Sci230 Week 7

Physiology Assignment
August 30, 2013
Lisa Miller

Jellyfish are sea dwelling organisms that can be very intimidating. They are extraordinary creatures that are both beautiful and mysterious. These creatures have adapted to life in the water.
Jellyfish are made up more than 90% of water, which helps them float in the water (Jellyfish Adaptations, 2013). They are composed of an outer layer called the epidermis. This body part covers and protects the external body of the organism. The inner layer called the gastrodermis lines the gut. A jellylike material can be found between these two layers, called the mesoglea. The jellyfish has one digestive cavity that is rather simple called the coelenterons. It does the job of the gullet, stomach and intestine. There is only one opening that is shared as the mouth and the anus. Jellyfish have four to eight tentacles that are used to transport food into the mouth. Jellyfish do not have brains instead they have a nerve net. This is used to detect and respond to light, smell and other stimuli (Jellyfish, 2010).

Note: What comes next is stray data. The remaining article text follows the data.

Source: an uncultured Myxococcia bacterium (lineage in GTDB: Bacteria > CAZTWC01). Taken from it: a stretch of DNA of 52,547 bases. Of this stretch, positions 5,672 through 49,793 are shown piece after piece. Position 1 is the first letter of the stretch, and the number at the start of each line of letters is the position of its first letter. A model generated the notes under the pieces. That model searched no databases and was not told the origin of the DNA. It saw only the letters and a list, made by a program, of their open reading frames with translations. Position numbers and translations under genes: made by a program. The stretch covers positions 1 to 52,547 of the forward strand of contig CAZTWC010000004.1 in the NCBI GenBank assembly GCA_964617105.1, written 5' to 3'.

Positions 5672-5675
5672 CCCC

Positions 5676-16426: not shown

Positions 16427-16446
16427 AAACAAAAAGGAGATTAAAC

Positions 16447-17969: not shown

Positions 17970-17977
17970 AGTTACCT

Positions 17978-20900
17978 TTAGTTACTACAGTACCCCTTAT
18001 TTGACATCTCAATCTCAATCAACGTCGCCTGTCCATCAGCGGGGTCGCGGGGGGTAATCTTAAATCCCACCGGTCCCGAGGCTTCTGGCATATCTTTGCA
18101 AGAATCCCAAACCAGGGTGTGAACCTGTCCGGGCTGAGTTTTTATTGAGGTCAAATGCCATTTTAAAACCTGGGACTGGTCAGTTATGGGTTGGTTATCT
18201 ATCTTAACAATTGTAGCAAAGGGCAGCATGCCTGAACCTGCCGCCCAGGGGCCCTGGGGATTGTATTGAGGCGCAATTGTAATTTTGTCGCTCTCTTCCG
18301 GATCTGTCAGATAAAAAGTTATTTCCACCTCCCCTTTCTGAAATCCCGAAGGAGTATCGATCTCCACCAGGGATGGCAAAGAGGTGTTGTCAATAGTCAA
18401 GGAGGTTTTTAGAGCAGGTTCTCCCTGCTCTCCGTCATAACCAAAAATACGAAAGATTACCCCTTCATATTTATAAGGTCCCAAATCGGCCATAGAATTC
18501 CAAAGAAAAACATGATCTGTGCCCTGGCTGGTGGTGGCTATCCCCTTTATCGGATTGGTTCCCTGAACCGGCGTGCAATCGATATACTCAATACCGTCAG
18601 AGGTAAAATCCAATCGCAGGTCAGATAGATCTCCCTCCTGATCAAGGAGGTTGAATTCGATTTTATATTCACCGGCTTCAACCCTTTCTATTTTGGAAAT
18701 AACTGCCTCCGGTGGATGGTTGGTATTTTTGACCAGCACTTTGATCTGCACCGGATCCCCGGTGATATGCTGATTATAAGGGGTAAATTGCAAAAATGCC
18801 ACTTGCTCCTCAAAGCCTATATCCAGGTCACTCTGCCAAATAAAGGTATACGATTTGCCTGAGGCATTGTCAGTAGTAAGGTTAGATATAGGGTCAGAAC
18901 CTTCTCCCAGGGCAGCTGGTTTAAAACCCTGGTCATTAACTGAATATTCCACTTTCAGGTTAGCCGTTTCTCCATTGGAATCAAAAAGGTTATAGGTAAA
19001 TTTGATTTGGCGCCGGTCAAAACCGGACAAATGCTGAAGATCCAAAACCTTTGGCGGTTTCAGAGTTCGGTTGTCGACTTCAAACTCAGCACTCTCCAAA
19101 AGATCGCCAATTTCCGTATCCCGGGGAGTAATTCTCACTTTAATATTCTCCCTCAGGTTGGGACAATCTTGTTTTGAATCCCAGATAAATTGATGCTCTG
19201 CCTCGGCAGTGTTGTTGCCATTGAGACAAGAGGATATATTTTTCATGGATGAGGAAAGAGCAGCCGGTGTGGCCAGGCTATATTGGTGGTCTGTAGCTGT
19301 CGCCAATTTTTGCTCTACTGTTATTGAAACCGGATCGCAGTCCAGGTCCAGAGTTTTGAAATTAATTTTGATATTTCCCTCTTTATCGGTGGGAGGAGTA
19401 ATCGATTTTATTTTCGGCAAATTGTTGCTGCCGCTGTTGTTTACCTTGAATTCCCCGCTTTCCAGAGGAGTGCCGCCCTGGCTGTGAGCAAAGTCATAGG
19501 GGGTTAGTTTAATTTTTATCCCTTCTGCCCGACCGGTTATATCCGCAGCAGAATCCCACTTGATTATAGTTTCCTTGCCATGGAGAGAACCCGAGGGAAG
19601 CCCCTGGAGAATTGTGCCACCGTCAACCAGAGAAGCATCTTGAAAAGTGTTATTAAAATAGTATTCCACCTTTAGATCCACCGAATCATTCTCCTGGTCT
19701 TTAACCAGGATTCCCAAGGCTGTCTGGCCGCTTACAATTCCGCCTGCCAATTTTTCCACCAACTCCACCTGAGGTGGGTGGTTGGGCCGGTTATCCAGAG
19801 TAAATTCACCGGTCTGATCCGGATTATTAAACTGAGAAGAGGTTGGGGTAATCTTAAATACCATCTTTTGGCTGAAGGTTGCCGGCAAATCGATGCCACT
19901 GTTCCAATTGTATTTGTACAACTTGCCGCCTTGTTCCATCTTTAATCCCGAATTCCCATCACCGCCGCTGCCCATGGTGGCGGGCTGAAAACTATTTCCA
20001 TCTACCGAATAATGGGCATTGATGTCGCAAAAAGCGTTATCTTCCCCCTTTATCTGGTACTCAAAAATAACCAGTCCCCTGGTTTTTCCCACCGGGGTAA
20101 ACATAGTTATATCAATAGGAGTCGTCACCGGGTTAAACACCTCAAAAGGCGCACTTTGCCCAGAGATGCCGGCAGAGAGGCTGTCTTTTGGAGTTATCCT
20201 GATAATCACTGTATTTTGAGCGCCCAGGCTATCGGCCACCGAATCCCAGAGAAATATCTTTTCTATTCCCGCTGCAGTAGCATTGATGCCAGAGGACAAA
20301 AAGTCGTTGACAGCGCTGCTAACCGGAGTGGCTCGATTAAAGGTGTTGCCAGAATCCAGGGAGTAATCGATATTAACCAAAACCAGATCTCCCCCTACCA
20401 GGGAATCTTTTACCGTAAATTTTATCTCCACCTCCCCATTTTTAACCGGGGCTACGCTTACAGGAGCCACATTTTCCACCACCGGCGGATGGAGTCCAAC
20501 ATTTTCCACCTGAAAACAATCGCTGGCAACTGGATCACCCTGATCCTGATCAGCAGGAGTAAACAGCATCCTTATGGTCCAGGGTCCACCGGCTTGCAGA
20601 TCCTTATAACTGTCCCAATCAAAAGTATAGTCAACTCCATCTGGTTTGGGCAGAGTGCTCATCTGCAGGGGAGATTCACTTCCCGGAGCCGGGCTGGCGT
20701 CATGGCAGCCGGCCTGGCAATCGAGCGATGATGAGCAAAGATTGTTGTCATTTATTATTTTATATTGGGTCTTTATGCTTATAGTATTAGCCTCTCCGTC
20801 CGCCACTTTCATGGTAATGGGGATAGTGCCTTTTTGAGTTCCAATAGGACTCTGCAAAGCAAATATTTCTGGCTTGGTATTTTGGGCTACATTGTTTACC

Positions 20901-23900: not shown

(Jellyfish Anatomy, 2013)

Jellyfish have no real control over horizontal its horizontal movement. Waves and current aid in horizontal movement while muscles found in the hood (bell) of the organism move the jellyfish vertically. Muscles found in the hood contract and relax pushing the jellyfish through the water. This pulsating rhythm can be very important because jellyfish are light sensitive. The pulsating movement allows the organism to dive deeper into the water allowing it to get away from the suns ray (Jellyfish, 2010).
Jellyfish have a special apparatus called a cnidoblast, a venomous mechanism used for defense and feeding. Inside the cnidoblast is a small structure called the nematocyst. This is adapted with a trigger and a stinging structure. Nematocysts consist of a hollow coiled thread with barbs that lines its length. These are found on the tentacles or the oral arms of the...